As I am preparing my income taxes, I am reminded yet again of the trap that the Canada Revenue Agency has set for taxpayers in the T1 General form with this innocuous question:
“Did you own or hold foreign property at any time in 2011 with a total cost of more than CAN$100,000? (See “Foreign Income” in help for details)”
An unsuspecting taxpayer might reasonably infer “foreign property” to mean a condominium in Florida or a not-so-secret-these-days Swiss bank account and owning nothing of the kind might answer “No” to the question. The General Income Tax and Benefit Guide put out by the CRA does not shed much light on the question either.
To find out the details of what constitutes “specified foreign property” in CRA’s eyes, one has to turn to the information provided in Form T1135 Foreign Income Verification Statement. In it, CRA defines “shares of non-resident corporations held by the resident filer or on deposit with a Canadian or foreign broker” and “interests in mutual funds that are organized in a foreign jurisdiction” as specified foreign property. In other words, if our taxpayer held US stocks or ETFs with a cost of more than $100,000 in a Canadian investment brokerage account, she must answer “Yes” to the question in T1 General and file Form T1135.
Curiously, a Canadian taxpayer owning what one would reasonably consider “foreign property”, say a condo in Miami purchased for $250,000, strictly for personal use, does not have to file T1135! The taxpayer, who simply assumed that foreign stocks held in taxable Canadian brokerage accounts for which trading summaries are filed annually with the CRA and income taxes are paid, has to file T1135 if the cost of foreign stock holdings exceeds $100,000.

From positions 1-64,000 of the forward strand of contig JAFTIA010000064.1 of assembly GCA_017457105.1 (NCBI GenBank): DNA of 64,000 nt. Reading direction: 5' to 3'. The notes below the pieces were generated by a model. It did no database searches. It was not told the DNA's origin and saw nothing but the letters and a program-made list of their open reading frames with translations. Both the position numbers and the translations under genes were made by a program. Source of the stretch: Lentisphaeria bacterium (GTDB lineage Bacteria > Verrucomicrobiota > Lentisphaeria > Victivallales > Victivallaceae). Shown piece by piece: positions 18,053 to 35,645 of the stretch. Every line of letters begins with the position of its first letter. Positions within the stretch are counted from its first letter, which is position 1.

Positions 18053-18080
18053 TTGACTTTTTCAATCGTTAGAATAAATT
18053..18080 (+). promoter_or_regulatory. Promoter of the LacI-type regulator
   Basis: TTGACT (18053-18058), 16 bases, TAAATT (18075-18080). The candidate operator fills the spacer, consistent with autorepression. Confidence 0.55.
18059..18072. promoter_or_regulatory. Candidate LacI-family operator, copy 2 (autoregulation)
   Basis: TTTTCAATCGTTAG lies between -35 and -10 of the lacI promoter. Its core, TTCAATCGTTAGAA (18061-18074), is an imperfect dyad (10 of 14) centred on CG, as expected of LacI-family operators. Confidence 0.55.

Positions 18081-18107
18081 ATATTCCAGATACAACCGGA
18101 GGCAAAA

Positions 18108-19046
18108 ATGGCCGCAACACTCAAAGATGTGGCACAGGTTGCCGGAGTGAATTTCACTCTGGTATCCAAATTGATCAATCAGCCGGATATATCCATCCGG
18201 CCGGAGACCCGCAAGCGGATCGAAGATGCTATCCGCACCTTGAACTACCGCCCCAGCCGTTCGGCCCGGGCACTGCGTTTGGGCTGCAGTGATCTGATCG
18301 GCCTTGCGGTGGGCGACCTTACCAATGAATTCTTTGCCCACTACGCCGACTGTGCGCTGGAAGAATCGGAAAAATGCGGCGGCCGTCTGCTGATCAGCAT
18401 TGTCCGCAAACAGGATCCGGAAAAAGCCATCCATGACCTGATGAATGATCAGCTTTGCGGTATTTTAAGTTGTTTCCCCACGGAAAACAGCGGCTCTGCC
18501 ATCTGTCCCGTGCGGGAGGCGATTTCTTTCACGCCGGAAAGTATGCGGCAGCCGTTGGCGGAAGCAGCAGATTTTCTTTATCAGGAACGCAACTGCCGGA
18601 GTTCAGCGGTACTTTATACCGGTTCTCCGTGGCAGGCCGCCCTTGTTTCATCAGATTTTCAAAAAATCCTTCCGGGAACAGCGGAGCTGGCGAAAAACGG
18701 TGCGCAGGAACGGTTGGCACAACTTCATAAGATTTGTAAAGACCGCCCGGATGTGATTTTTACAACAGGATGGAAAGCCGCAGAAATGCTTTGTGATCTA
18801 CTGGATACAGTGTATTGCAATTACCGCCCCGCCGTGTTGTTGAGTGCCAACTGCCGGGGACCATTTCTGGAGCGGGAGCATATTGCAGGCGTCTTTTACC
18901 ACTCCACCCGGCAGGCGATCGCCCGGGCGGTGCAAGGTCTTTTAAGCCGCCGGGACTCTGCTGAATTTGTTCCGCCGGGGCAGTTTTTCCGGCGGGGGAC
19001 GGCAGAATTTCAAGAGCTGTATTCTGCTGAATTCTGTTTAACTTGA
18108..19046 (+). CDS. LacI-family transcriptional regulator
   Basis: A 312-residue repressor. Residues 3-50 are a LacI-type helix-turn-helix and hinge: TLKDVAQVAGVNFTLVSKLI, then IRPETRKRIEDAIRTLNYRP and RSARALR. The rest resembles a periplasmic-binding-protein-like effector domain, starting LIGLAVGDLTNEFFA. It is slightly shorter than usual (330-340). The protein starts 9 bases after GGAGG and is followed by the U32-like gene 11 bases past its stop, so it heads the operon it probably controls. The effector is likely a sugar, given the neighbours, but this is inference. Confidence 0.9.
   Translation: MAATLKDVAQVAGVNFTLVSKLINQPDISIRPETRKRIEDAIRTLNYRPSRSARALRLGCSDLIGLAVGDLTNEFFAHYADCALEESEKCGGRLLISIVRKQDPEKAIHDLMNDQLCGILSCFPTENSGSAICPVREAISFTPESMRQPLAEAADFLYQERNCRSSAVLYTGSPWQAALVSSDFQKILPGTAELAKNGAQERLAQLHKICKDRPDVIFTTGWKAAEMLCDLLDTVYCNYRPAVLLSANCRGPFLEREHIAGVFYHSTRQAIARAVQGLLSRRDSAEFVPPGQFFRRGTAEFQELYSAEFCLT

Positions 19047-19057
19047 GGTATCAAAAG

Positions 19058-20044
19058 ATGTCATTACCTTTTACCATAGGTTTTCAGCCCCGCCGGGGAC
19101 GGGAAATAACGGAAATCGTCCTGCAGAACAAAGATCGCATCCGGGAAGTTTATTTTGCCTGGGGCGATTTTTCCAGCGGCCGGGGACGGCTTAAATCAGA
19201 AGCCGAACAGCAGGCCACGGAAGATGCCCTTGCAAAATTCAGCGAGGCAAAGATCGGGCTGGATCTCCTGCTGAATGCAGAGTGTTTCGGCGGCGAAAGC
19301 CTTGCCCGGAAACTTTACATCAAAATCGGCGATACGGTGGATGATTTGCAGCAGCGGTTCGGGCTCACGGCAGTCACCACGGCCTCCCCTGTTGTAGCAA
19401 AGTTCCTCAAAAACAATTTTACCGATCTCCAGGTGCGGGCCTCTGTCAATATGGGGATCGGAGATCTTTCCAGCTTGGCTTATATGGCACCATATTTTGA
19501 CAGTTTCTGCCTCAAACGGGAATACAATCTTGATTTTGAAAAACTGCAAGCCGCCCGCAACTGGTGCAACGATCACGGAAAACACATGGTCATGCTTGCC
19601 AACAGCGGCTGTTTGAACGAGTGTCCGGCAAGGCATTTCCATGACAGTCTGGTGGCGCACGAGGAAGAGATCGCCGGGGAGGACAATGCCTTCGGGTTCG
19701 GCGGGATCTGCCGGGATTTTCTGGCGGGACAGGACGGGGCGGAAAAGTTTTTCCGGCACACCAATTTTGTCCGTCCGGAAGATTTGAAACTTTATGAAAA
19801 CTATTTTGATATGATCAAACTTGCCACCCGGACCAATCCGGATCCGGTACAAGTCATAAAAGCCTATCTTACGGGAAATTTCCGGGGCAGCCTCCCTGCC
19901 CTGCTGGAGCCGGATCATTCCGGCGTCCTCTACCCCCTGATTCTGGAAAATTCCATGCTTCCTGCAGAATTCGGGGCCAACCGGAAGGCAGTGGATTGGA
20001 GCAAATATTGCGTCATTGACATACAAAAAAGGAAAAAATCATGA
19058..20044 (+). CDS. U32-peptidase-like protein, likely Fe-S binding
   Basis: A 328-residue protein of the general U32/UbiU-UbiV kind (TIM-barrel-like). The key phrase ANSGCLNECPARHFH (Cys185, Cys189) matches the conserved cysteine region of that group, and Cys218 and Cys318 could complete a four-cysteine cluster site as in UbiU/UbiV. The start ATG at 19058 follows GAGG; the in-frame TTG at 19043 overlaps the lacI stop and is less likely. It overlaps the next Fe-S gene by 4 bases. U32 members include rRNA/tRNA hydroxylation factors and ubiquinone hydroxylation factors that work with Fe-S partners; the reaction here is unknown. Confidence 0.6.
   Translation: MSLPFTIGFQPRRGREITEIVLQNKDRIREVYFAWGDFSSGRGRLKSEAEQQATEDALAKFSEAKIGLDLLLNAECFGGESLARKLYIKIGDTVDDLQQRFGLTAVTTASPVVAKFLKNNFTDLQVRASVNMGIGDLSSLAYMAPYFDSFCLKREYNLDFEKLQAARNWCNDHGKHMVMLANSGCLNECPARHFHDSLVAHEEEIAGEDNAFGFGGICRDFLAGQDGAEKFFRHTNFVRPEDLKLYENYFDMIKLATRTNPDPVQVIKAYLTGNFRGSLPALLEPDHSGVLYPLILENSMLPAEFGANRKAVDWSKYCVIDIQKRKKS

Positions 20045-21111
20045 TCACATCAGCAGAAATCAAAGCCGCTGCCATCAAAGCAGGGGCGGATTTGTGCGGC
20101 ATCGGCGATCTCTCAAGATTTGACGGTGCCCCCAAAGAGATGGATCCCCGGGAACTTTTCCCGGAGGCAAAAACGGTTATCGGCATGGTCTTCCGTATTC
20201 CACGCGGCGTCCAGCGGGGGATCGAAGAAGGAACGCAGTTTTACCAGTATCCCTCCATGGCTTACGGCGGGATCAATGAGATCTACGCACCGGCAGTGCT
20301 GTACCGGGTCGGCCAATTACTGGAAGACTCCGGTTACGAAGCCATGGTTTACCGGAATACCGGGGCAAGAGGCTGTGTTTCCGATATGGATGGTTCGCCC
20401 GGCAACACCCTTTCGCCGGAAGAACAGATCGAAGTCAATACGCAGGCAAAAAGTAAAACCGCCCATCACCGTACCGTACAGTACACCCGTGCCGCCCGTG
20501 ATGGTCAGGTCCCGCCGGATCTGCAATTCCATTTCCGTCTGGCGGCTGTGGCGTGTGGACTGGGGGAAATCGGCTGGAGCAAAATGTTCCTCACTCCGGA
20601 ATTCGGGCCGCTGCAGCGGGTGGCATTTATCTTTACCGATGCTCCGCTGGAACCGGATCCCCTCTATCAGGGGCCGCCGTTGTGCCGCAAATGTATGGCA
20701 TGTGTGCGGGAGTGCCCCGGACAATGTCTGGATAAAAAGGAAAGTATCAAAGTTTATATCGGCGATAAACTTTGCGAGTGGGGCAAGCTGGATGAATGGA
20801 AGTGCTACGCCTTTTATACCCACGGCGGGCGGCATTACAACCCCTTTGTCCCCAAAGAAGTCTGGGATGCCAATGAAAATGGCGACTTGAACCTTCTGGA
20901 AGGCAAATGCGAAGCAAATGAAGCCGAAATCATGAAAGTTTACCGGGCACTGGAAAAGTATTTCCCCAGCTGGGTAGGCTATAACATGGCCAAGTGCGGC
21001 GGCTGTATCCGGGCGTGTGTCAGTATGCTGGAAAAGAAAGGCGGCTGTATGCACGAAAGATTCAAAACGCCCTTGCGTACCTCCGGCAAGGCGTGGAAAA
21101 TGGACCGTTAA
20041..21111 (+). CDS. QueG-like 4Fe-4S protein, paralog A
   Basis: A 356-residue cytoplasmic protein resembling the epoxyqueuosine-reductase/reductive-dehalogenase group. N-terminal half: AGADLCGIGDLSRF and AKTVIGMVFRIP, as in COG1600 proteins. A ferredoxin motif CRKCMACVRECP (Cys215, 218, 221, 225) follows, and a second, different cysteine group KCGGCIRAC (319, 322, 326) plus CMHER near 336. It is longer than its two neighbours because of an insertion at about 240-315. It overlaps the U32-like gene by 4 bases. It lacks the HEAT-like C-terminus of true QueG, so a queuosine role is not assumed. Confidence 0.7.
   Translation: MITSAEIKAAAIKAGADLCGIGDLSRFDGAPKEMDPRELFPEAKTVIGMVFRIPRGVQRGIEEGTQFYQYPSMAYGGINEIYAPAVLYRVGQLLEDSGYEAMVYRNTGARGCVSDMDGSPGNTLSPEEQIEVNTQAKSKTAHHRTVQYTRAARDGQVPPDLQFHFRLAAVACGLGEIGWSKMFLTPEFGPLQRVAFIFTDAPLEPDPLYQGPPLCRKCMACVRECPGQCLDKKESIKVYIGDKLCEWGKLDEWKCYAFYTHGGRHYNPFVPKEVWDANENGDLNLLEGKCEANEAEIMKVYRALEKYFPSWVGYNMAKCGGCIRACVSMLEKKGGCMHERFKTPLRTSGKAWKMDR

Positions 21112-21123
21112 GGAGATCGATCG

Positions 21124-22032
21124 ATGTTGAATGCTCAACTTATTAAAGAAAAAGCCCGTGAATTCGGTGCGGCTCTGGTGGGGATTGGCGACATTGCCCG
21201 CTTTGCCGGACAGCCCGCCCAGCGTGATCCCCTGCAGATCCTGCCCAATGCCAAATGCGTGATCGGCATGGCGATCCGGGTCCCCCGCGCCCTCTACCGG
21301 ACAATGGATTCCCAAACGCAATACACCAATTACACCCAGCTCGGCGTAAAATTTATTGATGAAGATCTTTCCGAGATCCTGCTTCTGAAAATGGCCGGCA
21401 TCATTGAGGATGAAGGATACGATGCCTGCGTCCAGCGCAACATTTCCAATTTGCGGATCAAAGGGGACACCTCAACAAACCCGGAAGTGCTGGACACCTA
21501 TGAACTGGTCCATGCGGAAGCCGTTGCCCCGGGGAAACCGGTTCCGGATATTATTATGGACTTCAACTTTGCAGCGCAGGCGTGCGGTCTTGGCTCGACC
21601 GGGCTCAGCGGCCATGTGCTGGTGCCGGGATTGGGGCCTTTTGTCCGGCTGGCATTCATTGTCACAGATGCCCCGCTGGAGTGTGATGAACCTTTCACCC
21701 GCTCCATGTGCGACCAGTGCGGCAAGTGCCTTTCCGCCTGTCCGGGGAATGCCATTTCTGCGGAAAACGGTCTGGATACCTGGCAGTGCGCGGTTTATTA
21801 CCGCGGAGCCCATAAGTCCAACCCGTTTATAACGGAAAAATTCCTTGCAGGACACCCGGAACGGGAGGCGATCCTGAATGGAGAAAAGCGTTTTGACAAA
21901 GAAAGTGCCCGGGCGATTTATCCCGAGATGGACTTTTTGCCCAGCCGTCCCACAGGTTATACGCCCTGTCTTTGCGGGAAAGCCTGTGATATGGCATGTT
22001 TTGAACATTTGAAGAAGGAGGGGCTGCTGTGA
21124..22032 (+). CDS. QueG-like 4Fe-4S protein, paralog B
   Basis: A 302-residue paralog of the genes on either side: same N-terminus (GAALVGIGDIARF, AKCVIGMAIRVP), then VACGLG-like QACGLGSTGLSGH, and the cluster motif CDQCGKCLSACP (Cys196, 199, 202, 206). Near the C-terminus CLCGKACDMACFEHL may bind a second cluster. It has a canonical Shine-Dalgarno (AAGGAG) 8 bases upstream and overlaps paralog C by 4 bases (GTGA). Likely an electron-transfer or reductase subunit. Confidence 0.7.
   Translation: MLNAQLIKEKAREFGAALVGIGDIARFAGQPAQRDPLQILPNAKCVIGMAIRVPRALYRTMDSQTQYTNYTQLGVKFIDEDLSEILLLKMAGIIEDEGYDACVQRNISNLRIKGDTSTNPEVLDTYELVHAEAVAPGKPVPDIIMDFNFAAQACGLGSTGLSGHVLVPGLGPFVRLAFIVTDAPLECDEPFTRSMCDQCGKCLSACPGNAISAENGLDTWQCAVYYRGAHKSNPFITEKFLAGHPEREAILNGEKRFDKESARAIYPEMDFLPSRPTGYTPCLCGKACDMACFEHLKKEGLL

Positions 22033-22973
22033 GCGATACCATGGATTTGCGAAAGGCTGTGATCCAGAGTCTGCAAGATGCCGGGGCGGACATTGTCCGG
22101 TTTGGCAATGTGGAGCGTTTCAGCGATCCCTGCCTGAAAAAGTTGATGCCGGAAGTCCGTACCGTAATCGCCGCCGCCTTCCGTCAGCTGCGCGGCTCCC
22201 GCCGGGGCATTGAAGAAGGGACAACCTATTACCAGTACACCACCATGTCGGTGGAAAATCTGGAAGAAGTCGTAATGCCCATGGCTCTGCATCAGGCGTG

The penalties for failing to complete and file T1135 by the due date (April 30) are severe. The penalty for filing late is $25 per day for up to 100 days (maximum of $2,500). Since the penalty is levied for each year, a taxpayer could face penalties running into the tens of thousands of dollars.
Some notes about Form T1135:
– If you own foreign stocks in joint investment accounts, you should file Form T1135 only if the cost of your share of the investments exceeds $100,000.
– Canadian mutual funds and ETFs that own foreign stocks or ETFs are not considered “specified foreign property”.
– Foreign stocks and ETFs held in registered accounts such as RRSPs and TFSAs are also not considered “foreign property”.
– As already mentioned, real estate owned in foreign countries and held strictly for personal use are not considered “foreign property”.
It is entirely appropriate to levy strict penalties on taxpayers trying to hide income in foreign jurisdictions. It does not seem reasonable to levy stiff penalties on taxpayers who are reporting and paying taxes on investments held in Canadian accounts but inadvertently missed filing paperwork. In fact, the punishment strikes me as cruel and unjust.
NB: This post is of an informational nature and should not be construed as tax advice.